State Tax Revenue Trends 2013: Income Tax
State tax revenues fell during the Great Recession, but have been making a slow recovery. Income taxes also have partially recovered, returning to their prerecession levels in nominal terms in 2012. When adjusted for inflation, however, income taxes remain below their prerecession levels.
Download the Excel Version of the Table: "State Income Tax Revenue"
Taxes are the largest single source of general revenues for states. In 2011, taxes made up 45.9 percent of general state revenues, totaling $757.9 billion, or $2,432 per capita. In 2012, tax revenues increased 4.8 percent over 2011 in nominal terms, or 2.8 percent when adjusted for inflation. The largest component of tax revenues is sales and gross receipt taxes—47.2 percent—with corporate and personal income tax revenue coming in second at 40.5 percent. Other significant sources of state taxes include licenses at 6.8 percent of tax revenue; severance at 1.9 percent; and property at 1.9 percent.
Income taxes come from two sources—individual and corporate—with the majority of revenue coming from individual income taxes. Individual income taxes make up 35.3 percent of all tax revenue, compared to corporate income taxes, which make up 5.3 percent.
After dropping during the recession, income taxes have recovered partially, returning to their prerecession levels in nominal terms in 2012. Income tax collections fell significantly during the recession, dropping by 13 percent in 2009 and by 4 percent in 2010. But income tax collections started to increase in 2010-11, rising by 9.3 percent and by another 7.6 percent in 2011-12.
When adjusted for inflation, however, income taxes remain below their prerecession levels. In 2012 dollars, states hit a high of income taxes collected in 2007 at more than $353.8 billion—9 percent more than the amount collected in 2012.
During and following the recession, income taxes as a percent of total taxes collected actually decreased, primarily because tax collections in that category fell more dramatically than other categories, like sales taxes. Sales taxes and income taxes in 2009 and 2010 were actually mirror opposites when it came to their changing contributions to total tax revenue.
For example, income taxes as a percentage of total tax revenue fell from in 2009 and 2010 collectively by 3.13 percentage points, while sales taxes increased by 2.8 percentage points over the same period. In 2003, sales taxes represented 50 percent of total tax revenue and income taxes represented 38.3 percent—a 12 percentage point gap. That narrowed significantly during the recession, reaching a low of 4 percentage points in 2008. Since then, the gap has increased again, hitting 6.63 percentage points in 2012.
From 2011 to 2012, individual income tax collections grew by 8.2 percent nationwide. Seven states—Alaska, Florida, Nevada, South Dakota, Texas, Washington and Wyoming—did not levy a statewide tax on individual income in 2012. Only four of the 43 states that taxed individual income in 2012—Tennessee, New Hampshire, North Dakota and Wisconsin—saw individual income tax collections fall from 2011 to 2012. Among the remaining states that experienced year-over-year increases, seven had percentage increases in the double digits. Illinois saw the biggest jump, increasing collections by 39.8 percent, followed by Delaware with an increase of 36.3 percent and Hawaii with an increase of 23.5 percent.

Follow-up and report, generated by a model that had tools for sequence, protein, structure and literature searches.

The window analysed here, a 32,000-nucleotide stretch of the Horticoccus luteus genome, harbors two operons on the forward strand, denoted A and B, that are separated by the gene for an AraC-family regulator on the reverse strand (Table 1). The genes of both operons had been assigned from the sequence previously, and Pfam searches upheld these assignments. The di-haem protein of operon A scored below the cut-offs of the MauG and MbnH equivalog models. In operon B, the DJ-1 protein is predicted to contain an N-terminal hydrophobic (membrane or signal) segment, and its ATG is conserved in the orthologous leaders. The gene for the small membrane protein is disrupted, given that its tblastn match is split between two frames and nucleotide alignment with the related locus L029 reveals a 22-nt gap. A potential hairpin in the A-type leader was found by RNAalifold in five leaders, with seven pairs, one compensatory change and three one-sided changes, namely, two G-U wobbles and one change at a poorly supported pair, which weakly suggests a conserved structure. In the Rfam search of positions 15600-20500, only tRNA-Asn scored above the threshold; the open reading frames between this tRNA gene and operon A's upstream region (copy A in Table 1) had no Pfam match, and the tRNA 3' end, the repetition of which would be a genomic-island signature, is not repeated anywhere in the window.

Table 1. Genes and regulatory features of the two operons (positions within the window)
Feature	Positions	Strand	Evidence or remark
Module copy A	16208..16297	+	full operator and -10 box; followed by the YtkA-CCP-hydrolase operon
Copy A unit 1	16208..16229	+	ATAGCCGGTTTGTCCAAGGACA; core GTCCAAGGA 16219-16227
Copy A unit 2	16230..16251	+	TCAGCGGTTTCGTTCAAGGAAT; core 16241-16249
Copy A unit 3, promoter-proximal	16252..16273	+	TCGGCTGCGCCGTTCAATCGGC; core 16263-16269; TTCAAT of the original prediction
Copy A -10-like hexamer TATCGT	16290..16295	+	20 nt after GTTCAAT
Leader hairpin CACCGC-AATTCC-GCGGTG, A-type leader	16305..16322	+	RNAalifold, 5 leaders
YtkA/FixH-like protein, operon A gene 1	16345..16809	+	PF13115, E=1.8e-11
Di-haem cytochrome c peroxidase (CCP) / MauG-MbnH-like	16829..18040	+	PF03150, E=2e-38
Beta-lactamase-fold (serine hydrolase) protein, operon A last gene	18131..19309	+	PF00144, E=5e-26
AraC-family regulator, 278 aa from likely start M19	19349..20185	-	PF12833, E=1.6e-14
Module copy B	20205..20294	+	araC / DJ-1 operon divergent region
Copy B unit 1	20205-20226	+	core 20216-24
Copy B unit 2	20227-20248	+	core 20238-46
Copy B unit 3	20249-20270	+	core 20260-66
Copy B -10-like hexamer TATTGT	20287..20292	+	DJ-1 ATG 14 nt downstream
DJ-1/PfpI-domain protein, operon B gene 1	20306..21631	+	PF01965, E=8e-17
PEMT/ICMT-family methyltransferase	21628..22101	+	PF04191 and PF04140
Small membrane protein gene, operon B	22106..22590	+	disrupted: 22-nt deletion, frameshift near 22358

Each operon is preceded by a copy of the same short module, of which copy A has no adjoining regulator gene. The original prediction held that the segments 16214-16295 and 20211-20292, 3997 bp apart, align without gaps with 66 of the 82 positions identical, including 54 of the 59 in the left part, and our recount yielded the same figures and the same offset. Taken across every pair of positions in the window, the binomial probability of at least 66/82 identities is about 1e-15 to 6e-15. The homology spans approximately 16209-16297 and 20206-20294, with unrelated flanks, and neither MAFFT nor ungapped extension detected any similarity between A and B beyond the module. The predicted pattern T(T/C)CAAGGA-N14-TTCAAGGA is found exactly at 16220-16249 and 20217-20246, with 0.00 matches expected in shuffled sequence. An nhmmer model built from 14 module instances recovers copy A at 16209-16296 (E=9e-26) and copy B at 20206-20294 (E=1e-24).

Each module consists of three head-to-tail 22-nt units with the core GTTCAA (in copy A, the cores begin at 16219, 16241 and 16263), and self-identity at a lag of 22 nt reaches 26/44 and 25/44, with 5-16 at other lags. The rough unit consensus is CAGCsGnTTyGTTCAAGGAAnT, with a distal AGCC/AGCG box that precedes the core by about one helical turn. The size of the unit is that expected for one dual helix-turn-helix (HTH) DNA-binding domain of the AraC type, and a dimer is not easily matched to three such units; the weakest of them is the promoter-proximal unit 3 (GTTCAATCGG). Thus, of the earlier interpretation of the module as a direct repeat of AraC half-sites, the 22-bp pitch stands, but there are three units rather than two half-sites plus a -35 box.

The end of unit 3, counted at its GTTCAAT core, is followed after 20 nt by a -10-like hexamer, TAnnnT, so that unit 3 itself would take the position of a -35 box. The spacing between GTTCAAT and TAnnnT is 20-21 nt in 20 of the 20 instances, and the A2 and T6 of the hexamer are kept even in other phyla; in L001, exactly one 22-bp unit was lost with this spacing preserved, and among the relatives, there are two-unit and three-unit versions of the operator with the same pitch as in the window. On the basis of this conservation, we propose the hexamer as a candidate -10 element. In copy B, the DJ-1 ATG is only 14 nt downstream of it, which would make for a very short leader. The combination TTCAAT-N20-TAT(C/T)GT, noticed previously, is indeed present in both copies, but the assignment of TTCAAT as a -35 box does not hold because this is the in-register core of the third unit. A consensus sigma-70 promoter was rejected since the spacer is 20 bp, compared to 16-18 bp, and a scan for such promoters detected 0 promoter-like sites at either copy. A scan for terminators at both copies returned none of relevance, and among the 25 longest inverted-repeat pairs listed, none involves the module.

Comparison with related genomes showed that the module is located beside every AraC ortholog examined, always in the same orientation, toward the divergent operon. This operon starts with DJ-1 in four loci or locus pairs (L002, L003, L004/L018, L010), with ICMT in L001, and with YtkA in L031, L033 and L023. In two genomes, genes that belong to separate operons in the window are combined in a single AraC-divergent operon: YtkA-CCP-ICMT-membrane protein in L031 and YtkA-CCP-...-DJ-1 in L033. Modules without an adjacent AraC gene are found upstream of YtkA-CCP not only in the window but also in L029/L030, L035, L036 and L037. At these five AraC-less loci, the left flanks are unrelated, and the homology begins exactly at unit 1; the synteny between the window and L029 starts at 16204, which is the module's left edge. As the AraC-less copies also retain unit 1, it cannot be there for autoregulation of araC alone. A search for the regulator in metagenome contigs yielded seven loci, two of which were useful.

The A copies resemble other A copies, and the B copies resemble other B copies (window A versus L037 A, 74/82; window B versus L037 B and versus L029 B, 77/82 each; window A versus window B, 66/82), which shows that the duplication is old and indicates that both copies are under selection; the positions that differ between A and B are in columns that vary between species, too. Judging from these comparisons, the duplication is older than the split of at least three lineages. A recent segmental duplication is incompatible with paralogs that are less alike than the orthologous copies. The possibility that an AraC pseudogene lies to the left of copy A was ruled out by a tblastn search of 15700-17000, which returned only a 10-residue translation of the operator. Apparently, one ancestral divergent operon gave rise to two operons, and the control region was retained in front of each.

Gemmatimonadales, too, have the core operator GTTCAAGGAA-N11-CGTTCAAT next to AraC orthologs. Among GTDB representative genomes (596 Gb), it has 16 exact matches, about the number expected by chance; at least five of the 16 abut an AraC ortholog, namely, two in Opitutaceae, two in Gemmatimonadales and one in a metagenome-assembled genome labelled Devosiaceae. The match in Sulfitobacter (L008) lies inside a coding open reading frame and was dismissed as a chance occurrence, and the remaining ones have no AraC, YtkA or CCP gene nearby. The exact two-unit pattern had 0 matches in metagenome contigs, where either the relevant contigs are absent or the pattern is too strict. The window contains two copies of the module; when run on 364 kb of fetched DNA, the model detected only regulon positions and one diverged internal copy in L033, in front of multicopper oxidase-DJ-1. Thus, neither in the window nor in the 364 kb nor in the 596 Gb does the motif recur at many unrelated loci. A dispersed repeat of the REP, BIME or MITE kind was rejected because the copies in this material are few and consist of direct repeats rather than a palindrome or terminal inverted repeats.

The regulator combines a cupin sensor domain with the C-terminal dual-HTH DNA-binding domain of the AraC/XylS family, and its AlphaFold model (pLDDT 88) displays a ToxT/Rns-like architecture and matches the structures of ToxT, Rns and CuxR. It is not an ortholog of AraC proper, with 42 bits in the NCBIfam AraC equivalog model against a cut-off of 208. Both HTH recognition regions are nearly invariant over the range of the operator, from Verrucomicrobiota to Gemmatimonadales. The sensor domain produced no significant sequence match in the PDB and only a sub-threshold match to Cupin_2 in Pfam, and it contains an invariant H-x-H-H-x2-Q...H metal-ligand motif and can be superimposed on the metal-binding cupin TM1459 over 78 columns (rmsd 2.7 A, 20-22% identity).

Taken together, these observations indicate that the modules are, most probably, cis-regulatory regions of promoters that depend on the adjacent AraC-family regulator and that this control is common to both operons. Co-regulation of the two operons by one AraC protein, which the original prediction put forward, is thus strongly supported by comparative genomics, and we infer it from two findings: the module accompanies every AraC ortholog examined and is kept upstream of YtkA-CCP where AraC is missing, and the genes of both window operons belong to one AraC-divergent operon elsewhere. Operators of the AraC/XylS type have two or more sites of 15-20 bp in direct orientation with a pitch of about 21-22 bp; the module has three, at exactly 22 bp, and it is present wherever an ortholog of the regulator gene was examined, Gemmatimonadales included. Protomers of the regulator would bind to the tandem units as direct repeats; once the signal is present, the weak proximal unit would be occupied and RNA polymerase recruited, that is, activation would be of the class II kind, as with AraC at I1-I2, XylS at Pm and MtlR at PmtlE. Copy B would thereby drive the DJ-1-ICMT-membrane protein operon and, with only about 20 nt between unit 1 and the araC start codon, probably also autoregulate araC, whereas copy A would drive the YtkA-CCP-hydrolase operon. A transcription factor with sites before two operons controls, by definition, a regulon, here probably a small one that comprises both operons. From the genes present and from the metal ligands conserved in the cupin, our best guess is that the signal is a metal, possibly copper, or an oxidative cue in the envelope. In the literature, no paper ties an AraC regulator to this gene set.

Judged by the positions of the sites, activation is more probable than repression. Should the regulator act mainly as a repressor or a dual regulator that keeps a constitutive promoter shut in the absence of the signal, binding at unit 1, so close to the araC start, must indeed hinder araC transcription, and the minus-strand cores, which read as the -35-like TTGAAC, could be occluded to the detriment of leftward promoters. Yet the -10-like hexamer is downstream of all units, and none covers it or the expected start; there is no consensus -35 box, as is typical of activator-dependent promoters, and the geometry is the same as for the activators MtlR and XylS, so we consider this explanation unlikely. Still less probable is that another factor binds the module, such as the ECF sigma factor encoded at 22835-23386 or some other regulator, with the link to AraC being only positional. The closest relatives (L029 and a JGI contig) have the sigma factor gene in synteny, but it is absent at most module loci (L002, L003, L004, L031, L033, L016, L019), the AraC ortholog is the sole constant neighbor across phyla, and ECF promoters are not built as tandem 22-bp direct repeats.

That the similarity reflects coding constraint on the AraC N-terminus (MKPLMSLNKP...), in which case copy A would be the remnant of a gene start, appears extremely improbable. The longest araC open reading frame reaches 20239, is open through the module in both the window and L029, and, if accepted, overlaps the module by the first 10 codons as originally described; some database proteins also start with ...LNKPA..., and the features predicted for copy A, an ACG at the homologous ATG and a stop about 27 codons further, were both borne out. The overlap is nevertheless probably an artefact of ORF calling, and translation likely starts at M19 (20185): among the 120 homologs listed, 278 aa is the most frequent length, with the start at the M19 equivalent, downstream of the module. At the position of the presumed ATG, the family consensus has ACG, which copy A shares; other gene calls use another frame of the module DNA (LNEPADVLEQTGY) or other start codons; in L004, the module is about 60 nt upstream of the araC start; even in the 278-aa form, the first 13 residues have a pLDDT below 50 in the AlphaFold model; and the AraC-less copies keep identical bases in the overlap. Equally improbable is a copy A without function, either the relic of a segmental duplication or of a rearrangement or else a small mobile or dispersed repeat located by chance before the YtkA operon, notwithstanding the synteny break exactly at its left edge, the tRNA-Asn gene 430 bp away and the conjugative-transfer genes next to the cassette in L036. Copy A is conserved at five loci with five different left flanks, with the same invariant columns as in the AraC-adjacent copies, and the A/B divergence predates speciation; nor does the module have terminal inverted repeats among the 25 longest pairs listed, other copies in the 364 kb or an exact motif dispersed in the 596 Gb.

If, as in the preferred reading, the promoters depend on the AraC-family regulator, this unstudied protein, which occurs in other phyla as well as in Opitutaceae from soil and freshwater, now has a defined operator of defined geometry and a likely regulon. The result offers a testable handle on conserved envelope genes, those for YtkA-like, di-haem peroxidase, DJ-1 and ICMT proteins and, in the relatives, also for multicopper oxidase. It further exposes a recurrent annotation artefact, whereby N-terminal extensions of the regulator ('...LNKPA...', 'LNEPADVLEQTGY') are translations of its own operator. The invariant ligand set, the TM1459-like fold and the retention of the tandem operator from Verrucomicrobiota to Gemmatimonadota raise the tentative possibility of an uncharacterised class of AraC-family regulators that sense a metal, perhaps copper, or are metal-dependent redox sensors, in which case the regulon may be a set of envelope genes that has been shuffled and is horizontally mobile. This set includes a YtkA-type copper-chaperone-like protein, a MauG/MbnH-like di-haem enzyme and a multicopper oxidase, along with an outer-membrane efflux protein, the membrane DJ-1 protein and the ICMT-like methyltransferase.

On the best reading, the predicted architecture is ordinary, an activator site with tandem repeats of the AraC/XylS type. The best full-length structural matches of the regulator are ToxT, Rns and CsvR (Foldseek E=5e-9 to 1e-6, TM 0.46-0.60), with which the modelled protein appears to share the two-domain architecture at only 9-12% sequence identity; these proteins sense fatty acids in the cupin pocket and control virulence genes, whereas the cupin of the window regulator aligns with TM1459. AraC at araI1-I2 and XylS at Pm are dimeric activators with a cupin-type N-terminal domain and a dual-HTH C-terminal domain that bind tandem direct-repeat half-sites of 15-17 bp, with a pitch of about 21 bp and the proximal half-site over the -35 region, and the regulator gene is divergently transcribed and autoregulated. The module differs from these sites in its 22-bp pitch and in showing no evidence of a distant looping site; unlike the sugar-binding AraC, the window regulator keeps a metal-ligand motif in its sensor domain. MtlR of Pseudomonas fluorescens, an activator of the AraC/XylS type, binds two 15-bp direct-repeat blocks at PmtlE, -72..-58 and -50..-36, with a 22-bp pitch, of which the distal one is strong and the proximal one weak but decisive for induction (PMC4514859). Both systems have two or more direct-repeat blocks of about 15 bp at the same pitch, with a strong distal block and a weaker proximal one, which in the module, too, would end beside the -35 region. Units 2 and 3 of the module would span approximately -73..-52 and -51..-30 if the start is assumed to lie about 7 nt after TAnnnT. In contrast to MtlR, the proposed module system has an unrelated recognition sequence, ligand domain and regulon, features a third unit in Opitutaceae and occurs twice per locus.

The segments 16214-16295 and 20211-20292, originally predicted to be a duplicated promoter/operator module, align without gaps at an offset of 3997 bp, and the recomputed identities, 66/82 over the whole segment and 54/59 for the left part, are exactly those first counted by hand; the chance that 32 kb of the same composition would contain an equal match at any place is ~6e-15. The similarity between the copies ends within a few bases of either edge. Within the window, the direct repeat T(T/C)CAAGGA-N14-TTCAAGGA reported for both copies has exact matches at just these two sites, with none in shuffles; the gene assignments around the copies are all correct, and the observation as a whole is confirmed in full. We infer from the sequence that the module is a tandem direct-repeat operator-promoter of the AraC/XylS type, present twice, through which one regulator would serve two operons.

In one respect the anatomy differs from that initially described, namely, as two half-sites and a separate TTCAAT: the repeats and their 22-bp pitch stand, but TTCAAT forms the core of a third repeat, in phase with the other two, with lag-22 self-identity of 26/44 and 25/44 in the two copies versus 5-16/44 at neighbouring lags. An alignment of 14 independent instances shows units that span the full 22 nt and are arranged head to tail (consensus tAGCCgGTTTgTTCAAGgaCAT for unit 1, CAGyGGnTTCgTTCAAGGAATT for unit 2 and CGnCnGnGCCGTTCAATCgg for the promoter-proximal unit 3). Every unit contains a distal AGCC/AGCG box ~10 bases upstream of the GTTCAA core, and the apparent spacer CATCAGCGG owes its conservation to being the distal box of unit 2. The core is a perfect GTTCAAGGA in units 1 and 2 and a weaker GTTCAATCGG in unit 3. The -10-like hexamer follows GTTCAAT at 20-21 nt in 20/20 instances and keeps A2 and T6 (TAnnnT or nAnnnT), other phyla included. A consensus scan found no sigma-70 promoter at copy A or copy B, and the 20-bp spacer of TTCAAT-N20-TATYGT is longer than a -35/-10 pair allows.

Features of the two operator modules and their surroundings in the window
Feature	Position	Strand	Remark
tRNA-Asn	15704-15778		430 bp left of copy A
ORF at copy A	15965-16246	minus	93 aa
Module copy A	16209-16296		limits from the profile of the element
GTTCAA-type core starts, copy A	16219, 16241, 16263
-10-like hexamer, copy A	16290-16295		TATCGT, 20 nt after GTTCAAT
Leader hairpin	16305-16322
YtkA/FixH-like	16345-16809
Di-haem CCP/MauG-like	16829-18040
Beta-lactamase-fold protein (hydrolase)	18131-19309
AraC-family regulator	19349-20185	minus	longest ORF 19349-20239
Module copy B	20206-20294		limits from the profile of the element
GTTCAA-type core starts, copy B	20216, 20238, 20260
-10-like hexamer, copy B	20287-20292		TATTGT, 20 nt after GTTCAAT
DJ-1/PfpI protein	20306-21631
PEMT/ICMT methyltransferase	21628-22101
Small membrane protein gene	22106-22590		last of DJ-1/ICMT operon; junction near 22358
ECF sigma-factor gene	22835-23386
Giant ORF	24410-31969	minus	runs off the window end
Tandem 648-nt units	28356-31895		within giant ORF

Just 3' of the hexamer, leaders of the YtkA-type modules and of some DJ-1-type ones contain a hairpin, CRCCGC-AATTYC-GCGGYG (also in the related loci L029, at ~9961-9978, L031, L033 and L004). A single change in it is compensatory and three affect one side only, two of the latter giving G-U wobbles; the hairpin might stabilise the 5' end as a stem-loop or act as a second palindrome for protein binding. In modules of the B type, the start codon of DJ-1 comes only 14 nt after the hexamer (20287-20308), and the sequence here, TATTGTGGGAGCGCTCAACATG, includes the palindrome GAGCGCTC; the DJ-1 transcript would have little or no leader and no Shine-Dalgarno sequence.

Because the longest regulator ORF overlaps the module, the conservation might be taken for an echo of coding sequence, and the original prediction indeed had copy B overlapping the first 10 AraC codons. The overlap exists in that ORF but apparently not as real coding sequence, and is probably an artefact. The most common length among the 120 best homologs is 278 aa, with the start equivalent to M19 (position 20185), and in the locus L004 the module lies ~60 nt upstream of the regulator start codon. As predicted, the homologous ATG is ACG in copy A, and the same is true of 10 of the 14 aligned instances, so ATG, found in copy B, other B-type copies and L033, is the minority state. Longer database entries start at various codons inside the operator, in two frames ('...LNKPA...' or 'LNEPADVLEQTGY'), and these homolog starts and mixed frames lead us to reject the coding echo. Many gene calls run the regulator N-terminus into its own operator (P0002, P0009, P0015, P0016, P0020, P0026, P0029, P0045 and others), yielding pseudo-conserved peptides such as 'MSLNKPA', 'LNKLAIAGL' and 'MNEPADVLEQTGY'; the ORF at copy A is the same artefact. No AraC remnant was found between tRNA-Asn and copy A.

Reliance on individual income taxes for revenue in those states varies significantly. Three states—Tennessee at 1.5 percent, New Hampshire at 3.7 percent and North Dakota at 7.7 percent—get less than 10 percent of total tax revenue from individual income taxes. Tennessee and New Hampshire tax only dividends and interest income. Four states—Massachusetts, New York, Oregon and Virginia—get 50 percent or more of their tax revenue from individual income taxes, with Oregon leading the pack at 67 percent.
From 2011 to 2012, corporate income tax collections grew by 3.8 percent nationwide. Five states—Nevada, South Dakota, Texas, Washington and Wyoming—did not levy a statewide tax on corporate income in 2012. Fifteen of the 45 states that did tax corporate income in 2012 saw their collections fall from 2011 to 2012. Ohio corporate income taxes fell the most from 2011 to 2012—50.5 percent—in large part due to changes in the way that state calculates the tax and who is covered by the tax.
Among the remaining states that experienced year-over-year increases, Massachusetts saw the smallest increase at 3.5 percent, followed by Utah at 4.4 percent and Wisconsin at 4.6 percent. Illinois saw the biggest increase at 88.8 percent, followed by Iowa at 70.1 percent and Nebraska at 51.2 percent.
Some of these changes may be due to changes in state tax rates. Between 2008 and 2012, three states—Illinois, Oregon and West Virginia—raised corporate income tax rates, while five states— Kentucky, New York, North Dakota, Massachusetts and Maryland—lowered rates.
Reliance on corporate income taxes for revenue in those states varies significantly. Three states—Ohio at 0.5 percent, Hawaii at 1.5 percent and Michigan at 2.5 percent—get less than 3 percent of total tax revenue from corporate income taxes. New Hampshire collects the most corporate income taxes as a percent of total tax revenue of any state at 23.6 percent, followed by Tennessee at 10.2 percent and Illinois at 9.6 percent.
Check out all the briefs in this series: